Our Man in the Dark by Rashad Harrison
Author: Rashad Harrison
Genre: Fiction (Historical / 1960s / Southern US / Civil Rights Movement / Historical Figure Fictionalized / Government Conspiracy)
Publisher/Publication Date: Atria Books (11/15/2011)
Source: TLC Book Tours
Rating: Loooved. Fabu way to kick off 2012!
Did I finish?: Yes -- I couldn't stop myself!
One-sentence summary: Set in 1963, an accountant with Dr. Martin Luther King, Jr. becomes an FBI informant in an effort to prove his patriotism and improve his own life, and ends up in gr
Reading Challenges: Historical Fiction
Do I like the cover?: Love it -- it fits the mood of the story perfectly!
I'm reminded of...: Lawrence Block, Raymond Chandler, Walter Mosley
First line: Night has come, and so have the shadows that once pulled me in against my will.
Did... I keep thinking about this book every time I had to stop reading and be all sociable with my family?: YES. Thankfully I love them, so I only resented them a little bit that I had to stop.
Did... I immediately shove this book in my wife's hands, despite her pre-planned vacation reading queue?: YES. I'm dying to chat about this book with someone, and I know she's going to love the ambiance and the deliciously complicated main character.
Do... I adore Rashad Harrison's website?: YES. Check it out -- has the same delicious feel of the novel. I can't wait for his future works!
Buy, Borrow, or Avoid?: Buy or borrow -- this is a fabu debut novel!
Why did I get this book?: I love noir so the noir-ish elements of the story immediately intrigued me, and I loved the setting.
Review: What a perfect way to start 2012!
I began this book while my wife was running her New Year's Day half marathon, and in her three hour run I almost finished it. Then my wife wanted me to, like, congratulate her on her run and talk about how pretty the locale was, and really, all I wanted to do was get back to this book. It was so good, I really wanted the world to go away so I could just flippin' read.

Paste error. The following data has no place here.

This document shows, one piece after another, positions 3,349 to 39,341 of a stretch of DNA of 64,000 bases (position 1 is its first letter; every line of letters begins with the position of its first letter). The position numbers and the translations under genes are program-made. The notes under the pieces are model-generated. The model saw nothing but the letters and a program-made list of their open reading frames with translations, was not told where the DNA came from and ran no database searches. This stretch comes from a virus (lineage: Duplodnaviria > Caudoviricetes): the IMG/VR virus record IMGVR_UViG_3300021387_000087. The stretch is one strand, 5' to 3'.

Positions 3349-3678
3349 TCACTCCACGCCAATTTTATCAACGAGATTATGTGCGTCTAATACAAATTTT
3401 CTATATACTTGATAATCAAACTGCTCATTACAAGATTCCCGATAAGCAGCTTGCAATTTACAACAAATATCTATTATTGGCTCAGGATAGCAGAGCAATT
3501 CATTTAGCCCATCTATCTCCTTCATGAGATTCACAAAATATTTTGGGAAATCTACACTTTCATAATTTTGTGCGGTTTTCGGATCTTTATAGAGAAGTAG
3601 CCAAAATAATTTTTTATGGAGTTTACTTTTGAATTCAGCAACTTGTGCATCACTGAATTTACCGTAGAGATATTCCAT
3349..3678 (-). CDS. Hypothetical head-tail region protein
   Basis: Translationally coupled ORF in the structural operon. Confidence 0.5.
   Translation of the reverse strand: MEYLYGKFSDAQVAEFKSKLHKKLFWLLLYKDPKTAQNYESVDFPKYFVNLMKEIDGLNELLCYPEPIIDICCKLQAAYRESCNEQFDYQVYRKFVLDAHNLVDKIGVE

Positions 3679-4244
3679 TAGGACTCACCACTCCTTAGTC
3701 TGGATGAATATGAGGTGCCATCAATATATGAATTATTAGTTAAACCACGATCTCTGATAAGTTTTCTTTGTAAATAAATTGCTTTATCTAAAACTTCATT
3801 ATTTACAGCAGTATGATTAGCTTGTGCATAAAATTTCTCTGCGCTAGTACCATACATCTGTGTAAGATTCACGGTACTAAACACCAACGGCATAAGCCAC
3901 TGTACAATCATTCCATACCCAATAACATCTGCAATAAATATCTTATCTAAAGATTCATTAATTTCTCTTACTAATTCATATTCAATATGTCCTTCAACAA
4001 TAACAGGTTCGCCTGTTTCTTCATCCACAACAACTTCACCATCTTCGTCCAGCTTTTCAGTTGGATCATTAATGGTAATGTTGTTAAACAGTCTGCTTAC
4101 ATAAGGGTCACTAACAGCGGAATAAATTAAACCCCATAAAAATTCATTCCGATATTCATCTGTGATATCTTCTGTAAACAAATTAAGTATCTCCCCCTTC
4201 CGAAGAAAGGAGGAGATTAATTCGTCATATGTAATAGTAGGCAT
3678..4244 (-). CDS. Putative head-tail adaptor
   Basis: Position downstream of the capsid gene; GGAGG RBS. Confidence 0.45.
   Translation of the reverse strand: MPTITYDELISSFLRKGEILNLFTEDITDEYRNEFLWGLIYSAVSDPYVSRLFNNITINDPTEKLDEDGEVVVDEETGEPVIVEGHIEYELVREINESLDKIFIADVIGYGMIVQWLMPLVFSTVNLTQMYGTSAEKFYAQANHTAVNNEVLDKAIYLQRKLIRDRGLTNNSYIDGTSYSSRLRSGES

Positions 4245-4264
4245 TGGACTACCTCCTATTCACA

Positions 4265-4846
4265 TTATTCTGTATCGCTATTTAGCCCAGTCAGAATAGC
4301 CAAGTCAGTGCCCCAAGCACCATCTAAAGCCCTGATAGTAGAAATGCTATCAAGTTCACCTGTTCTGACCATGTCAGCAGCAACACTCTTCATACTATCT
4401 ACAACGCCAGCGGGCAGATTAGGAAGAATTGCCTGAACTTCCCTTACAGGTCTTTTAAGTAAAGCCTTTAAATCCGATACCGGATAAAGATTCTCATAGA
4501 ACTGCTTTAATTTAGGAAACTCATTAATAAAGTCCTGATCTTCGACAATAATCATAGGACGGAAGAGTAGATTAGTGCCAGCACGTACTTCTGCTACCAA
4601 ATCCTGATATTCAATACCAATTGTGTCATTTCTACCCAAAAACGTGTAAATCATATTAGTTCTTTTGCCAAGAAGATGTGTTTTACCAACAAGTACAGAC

Set in 1963, the story is told by John Estem, an accountant working for Dr. Martin Luther King, Jr. Crippled after surviving a childhood bout with polio, Estem wants to show his father, his mentor, Dr. Martin Luther King, Jr. and his unrequited love, Candice, that he's a mover, a complicated, successful man worth knowing. His aspirations draw the attention of the FBI, who contact him about identifying Communist elements in the Civil Rights Movement. From then, Estem's world changes as he learns more about King, the FBI, and himself than he wanted to know.
Seriously, I loved this book. Estem himself is the hook, a fascinating, complicated character I liked despite, really because of, his flaws. But every other character in this book was marvelous -- complicated, surprising, real, shocking -- and Harrison's uncomfortable exploration of Dr. King's personal life was well done.
I especially adored Harrison's writing style. This book has those great memorable lines that I so enjoy in noir, that unexpected splash of lyricism and poetry among the unadorned, bald ugliness:
The woman singing with the band is Miss Candy, also known as Candice. She looks just like what her name implies -- bad for you, but oh so good. Her singing is awful, but she's not up there for her voice. She's like a sepia-tinted dream with fiery red lips flickering in the darkness. (p4)
Also, for those who are curious about why I consider this a historical: it's a contemporary novel that begins and ends in the past (1960s-1980s), set in a very distinctive historical era (the Civil Rights Movement), and features historical figures in fictionalized elements. I know that's not the current definition of histfic, but there you go.
Even if you're not typically a noir or mystery fan, consider this novel if you enjoy complicated characters and some wiggle-in-your-seat discomfort about our lionized heroes. Plus, the writing is really lovely and I think Harrison is an author to watch. I can't wait for his next novel!